The flash drive-sized device, it is claimed, is the “world’s most powerful 3-D motion controller”
Even as Microsoft lets Kinect for Windows wither on the vine, San Francisco-based startup Leap Motion, Inc is gearing up to launch its first product: an eponymous motion-control device the size of a flash drive. Capable of accurately tracking finger movements to within a hundredth of a millimeter, the Leap Motion controller will begin shipping in May.
Nearly two years after it made its debut, Kinect finally received its first price cut on Wednesday. What’s more, Microsoft has knocked off as much as $40 from the motion-sensing peripheral’s original price tag of $149.99, which was considered a bit too steep back when the peripheral first hit the market. But as we all know, the Kinect became an instant hit, selling over 10 million units in just 60 days. That being said, it was probably becoming increasingly difficult for the Redmond-based outfit to justify the original price tag, given the seemingly irredeemable lack of quality titles.
Microsoft's Xbox Live Gold is kind of like Hulu Plus in that even though you pay a subscription fee for the service, it still dishes up a heaping of ads for your viewing displeasure. Thus far, they've mostly been unobtrusive and ignorable, but a recent announcement heralds a whole new era of advertising annoyance: Microsoft has sold its first NUAds, clips that bug you to utilize your Kinect to talk or shake your fist in response to the product plugs.
Kinect’s launch in late 2010 was accompanied by a lot of fanfare and excitement, all of which seemed justified initially as the motion-sensing Xbox 360 peripheral quickly became a huge sales success. Then millions of Kinect owners began waiting en masse for some top-drawer titles to come along and proverbially slap Kinect’s critics smack in the face. Sadly, those AAA Kinect titles, especially the much sought-after “hardcore” ones, never really arrived. But if you haven’t given up on your Kinect and are looking for fresh excuses to use it, Microsoft has just the thing for you: Internet Explorer for Xbox 360 with Kinect-enabled voice and gesture controls.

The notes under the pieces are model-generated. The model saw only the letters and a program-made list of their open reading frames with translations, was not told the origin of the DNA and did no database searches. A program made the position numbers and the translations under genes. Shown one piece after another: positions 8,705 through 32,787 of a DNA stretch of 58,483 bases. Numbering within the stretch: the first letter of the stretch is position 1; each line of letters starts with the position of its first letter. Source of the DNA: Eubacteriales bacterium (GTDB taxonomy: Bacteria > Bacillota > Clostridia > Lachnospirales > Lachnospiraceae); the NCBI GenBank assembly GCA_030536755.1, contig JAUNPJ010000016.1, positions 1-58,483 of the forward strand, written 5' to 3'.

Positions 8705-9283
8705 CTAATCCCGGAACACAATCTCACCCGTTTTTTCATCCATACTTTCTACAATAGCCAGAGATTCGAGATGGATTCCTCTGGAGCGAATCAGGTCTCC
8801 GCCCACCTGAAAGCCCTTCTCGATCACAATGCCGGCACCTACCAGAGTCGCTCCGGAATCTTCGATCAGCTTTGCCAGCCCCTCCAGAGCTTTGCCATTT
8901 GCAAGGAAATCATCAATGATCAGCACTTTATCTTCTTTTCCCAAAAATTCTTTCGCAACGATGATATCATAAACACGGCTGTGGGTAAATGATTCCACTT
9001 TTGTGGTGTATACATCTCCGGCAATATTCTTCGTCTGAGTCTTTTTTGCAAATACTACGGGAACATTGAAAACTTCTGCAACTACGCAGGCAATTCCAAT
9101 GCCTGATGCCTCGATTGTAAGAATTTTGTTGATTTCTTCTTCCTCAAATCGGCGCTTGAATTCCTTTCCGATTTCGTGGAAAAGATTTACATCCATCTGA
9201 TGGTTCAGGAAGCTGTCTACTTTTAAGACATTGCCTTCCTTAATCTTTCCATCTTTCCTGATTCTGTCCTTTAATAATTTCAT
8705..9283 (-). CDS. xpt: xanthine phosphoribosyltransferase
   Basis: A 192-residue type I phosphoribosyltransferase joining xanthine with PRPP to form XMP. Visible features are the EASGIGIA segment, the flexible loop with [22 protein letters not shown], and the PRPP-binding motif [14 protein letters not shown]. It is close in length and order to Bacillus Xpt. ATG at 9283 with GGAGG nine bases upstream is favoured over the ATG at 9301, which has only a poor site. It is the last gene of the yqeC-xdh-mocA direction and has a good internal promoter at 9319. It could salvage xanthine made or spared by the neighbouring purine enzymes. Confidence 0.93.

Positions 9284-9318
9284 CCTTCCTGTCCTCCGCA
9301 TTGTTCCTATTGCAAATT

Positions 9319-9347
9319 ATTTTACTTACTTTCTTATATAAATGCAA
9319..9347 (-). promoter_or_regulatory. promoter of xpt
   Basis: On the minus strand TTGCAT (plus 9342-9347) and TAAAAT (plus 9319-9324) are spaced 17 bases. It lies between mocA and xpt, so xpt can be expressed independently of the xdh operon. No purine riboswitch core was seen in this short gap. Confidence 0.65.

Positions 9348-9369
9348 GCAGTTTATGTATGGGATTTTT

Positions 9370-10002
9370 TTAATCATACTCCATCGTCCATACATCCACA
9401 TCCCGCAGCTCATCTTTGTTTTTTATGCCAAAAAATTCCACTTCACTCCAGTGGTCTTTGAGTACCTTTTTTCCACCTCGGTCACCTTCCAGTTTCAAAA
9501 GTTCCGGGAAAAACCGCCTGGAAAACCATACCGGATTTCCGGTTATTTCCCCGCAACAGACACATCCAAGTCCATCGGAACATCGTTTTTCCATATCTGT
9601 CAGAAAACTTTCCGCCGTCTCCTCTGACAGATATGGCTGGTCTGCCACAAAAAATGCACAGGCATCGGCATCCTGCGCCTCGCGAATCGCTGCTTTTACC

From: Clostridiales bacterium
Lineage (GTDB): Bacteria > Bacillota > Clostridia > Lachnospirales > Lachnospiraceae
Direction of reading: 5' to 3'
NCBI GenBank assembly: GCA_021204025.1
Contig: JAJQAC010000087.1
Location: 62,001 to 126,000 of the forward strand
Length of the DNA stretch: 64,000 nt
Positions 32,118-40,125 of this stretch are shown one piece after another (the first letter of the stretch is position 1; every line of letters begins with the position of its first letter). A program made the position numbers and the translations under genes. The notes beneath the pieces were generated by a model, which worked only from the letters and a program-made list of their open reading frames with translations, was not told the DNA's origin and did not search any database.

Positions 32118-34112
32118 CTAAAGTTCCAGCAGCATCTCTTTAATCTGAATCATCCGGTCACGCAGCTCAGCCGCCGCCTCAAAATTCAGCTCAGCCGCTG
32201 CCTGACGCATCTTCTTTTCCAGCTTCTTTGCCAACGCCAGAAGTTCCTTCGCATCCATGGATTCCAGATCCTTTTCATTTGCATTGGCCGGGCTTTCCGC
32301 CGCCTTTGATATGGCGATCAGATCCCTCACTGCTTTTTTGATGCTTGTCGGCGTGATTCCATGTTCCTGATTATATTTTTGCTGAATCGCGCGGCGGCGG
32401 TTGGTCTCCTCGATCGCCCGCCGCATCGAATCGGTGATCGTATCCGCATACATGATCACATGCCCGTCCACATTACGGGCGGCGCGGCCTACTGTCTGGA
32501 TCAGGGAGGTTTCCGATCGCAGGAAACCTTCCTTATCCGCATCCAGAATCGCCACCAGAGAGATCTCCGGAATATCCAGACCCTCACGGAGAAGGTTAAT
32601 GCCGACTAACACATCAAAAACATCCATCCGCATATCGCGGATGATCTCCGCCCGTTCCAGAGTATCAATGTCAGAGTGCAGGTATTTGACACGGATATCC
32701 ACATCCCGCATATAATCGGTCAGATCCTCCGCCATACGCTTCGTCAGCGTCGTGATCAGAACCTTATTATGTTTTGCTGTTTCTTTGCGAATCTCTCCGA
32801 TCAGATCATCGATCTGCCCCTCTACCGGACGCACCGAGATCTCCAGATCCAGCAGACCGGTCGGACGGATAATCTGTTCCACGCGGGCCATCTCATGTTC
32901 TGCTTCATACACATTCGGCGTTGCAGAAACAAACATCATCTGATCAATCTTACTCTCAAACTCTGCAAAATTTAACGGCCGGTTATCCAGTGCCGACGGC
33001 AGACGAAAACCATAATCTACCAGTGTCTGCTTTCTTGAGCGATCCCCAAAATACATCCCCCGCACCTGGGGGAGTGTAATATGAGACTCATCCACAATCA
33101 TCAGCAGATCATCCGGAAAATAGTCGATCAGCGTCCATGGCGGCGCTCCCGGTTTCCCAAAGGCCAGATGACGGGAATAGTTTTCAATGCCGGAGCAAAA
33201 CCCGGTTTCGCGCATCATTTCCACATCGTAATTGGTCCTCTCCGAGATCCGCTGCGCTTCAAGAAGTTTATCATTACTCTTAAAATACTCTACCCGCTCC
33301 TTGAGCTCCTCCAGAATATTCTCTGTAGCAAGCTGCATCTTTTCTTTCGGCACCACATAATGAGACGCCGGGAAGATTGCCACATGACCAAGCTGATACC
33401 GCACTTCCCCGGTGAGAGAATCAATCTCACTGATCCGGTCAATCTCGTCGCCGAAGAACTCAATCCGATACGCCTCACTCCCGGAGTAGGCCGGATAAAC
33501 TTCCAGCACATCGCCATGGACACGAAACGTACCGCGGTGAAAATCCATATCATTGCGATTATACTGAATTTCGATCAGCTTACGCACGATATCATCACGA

Seemingly since the beginning of time, man and woman have been willing to paying discounted prices for subsidized hardware with long-term service agreements. It's how the majority of smartphones are sold, and in the dial-up era, you could snag a low-cost PC if you were willing to pay out the nose for blazing fast 56K Internet service. Could the same principle drive Xbox 360 sales? Get ready to find out.
Xbox 360 gamers will soon have reason to rediscover The Elder Scrolls V: Skyrim. Bethesda today announced plans to release a free title updated later this month that will integrate Kinect support, allowing gamers to yell out over 200 voice commands, including dragon shouts. From bartering to battling, the Kinect update adds a new dimension to Skyrim that previously didn't exist, and there will also be a handful of new functionality to go along with the voice commands, such as special map features, additional hotkey options, and the ability to sort items by name, weight, and value.
Well known game developer Peter Molyneux is leaving Lionhead Studios, which he founded 15 years ago in 1997, and is also walking away from his position as Creative Director of Microsoft Game Studios, Europe. He plans to walk away from both companies as soon as Fable: The Journey for the Kinect is finished in order to found a new company called 22 Cans.
Have you ever been browsing through your Windows Media Center library, stopped on your significant other's stockpile of Jersey Shore episodes, and wave your hands dismissively before continuing on to Netflix? Some new tech lets that disgusted gesture alone speed you away from Snooki's yawn-inducing antics. The straightforwardly named "Kinect for Media Center" software taps into Kinect for Windows and adds both voice and gesture controls to your Media Center browsing experience.
Get ready to wave at your PC and welcome the motion control revolution on the desktop, Microsoft just made available the Kinect for Windows Software Development Kit (SDK) version 1.0 for download. After shedding its beta tag, the Kinect for Windows SDK now supports up to four Kinect sensors on a single computer, skeletal tracking, a Near Mode feature that lets the camera recognize objects just 40cm away, improved stability and audio, and API updates and enhancements.
The thinking heads at Redmond envision laptop users shaking their rumps and gyrating in front of their notebooks in the not-too-distant future. Imagine being able to raise your hand and manipulate tiles in Windows 8 or moving around documents (insert inevitable comparison to Minority Report). That's the path we're on as Microsoft flirts with the idea of integrating Kinect motion sensors into laptops.